Text Independent Speaker Modeling and Identification Based On MFCC Features | Open Access Journals

ISSN ONLINE(2320-9801) PRINT (2320-9798)

Text Independent Speaker Modeling and Identification Based On MFCC Features

Khurrath-ul-aien M.R1 and Anitha G2
  1. PG Student, Department of Computer Science and Engineering, UBDTCE, Davangere, Karnataka, India
  2. Associate Professor, Department of Computer Science and Engineering, UBDTCE, Davangere, Karnataka, India2
Related article at Pubmed, Scholar Google

Visit for more related articles at International Journal of Innovative Research in Computer and Communication Engineering

Abstract

In this gives an overview of automatic speaker recognition technology, with an emphasis on textindependent recognition. Speaker recognition has been studied actively for several decades. We give an overview of both the classical and the state-of-the-art methods. We start with the fundamentals of automatic speaker recognition, concerning feature extraction and speaker modeling. Here, describe a Gaussian Mixture Model Universal Background Model (GMM-UBM) speaker identification system. In this GMM-UBM system, we derive the hypothesized speaker model by adapting the parameters of UBM using the speaker’s training speech and a form of Bayesian adaptation. The UBM technique is incorporated into the GMM speaker identification system to reduce the time requirement for recognition significantly.We elaborate advanced computational techniques to address robustness and session variability. In text- dependent system, the words or phrases used for verification are known beforehand and are fixed. In a text-independent system there are no constraints on the words or phrases used during verification system. The recent progress from vectors towards supervectors opens up a new area of exploration and represents a technology trend.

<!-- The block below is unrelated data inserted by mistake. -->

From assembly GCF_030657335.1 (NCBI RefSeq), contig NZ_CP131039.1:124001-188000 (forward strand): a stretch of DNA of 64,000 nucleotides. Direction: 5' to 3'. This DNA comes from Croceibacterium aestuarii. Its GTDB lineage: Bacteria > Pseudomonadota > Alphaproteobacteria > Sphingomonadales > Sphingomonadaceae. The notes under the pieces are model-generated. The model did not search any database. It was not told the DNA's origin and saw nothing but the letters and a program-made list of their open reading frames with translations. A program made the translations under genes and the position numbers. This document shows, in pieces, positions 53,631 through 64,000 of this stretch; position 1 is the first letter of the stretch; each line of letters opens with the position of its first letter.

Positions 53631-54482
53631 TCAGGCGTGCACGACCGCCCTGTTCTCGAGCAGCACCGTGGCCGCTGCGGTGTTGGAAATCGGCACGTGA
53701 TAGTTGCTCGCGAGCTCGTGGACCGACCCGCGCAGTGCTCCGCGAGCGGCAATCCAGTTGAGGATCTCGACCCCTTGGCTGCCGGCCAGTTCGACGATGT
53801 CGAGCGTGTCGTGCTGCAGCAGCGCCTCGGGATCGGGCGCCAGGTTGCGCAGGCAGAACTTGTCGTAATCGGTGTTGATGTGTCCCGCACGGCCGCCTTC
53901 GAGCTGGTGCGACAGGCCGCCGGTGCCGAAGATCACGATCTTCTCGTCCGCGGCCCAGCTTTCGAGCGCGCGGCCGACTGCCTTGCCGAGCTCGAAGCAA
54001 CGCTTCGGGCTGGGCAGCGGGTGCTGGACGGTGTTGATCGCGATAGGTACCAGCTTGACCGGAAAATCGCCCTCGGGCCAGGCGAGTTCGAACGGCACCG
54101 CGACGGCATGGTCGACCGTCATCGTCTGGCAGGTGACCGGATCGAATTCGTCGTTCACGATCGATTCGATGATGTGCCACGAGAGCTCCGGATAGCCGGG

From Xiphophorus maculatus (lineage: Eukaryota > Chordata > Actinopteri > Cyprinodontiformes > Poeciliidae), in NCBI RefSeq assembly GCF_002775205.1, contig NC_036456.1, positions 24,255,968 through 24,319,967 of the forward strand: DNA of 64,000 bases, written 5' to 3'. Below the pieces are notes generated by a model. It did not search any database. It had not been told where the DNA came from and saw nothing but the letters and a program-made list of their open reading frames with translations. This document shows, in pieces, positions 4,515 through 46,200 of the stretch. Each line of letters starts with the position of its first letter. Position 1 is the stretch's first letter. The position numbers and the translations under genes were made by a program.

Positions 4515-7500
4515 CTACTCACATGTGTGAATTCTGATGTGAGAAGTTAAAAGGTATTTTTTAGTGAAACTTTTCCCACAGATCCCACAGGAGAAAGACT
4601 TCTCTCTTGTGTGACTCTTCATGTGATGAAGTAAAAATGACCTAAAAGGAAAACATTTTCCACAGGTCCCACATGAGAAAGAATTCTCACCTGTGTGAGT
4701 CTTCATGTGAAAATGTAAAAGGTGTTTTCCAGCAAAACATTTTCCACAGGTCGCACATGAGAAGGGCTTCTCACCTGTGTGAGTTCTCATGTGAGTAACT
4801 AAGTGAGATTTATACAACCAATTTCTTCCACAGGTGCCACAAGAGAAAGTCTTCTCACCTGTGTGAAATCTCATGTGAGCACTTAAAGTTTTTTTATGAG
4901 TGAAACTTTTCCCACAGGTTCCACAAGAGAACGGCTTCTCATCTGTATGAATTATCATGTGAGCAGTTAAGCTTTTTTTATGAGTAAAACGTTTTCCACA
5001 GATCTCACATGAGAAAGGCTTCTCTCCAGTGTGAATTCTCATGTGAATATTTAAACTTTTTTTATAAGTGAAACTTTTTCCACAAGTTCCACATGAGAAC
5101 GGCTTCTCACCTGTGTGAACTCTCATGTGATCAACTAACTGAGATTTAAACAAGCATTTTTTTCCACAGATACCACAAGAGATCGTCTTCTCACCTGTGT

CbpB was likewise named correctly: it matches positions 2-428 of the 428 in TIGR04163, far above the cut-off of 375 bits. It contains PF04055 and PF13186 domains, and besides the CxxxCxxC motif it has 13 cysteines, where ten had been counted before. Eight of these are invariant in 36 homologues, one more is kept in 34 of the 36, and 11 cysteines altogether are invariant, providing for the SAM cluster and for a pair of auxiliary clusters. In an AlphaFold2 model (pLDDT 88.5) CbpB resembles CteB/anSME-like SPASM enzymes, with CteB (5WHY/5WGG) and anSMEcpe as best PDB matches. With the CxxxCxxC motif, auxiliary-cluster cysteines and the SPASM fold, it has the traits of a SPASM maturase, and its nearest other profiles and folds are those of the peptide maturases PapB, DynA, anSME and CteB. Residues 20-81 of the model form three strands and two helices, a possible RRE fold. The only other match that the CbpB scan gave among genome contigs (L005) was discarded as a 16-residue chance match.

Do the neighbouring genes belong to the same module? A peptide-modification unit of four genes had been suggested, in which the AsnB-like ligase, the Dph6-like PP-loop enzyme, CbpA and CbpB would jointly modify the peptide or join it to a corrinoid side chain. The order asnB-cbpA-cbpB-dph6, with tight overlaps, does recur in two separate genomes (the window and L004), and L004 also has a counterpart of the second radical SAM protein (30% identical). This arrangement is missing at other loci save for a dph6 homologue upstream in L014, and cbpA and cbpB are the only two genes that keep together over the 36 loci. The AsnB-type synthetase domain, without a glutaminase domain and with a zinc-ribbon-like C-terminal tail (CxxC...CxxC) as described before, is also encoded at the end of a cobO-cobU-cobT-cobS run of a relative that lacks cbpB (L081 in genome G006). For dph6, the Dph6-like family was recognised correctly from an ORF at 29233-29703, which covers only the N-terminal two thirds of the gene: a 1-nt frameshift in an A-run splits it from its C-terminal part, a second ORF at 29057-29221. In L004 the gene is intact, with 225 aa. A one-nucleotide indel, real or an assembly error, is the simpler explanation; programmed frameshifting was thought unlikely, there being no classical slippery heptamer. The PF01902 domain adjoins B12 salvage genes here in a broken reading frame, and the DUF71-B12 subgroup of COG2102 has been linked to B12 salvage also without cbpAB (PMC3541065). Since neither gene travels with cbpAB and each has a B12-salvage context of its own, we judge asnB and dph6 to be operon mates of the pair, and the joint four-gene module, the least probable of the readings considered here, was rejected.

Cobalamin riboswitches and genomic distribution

Keywords

Discriminative models ; Feature extraction; Text-independence ;Speaker recognition; Statistical models; Supervectors

INTRODUCTION

Speaker recognition refers to recognizing persons from their voice. No two individuals sound identical because their vocal tract shapes, larynx sizes, and other parts of their voice production organs are different. In addition to these physical differences, each speaker has his or her characteristic manner of speaking, including the use of a particular accent, rhythm, intonation style, pronunciation pattern, choice of vocabulary and so on. State-of-the-art speaker recognition systems use a number of these features in parallel, attempting to cover these different aspects and employing them in a complementary way to achieve more accurate recognition. In addition to telephony speech data, there is a continually increasing supply of other spoken documents such as TV broadcasts, teleconference meetings, and video clips from vacations. Extracting metadata like topic of discussion or participant names and genders from these documents would enable automated information searching and indexing. Speaker diarization also known as ‘‘who spoke when”, attempts to extract speaking turns of the different participants from a spoken document, and is an extension of the ‘‘classical” speaker recognition techniques applied to recordings with multiple speakers.In forensics and speaker diarization, the speakers can be considered non-cooperative as they do not specifically wish to be recognized. On the other hand, in telephone-based services and access control, the users are considered cooperative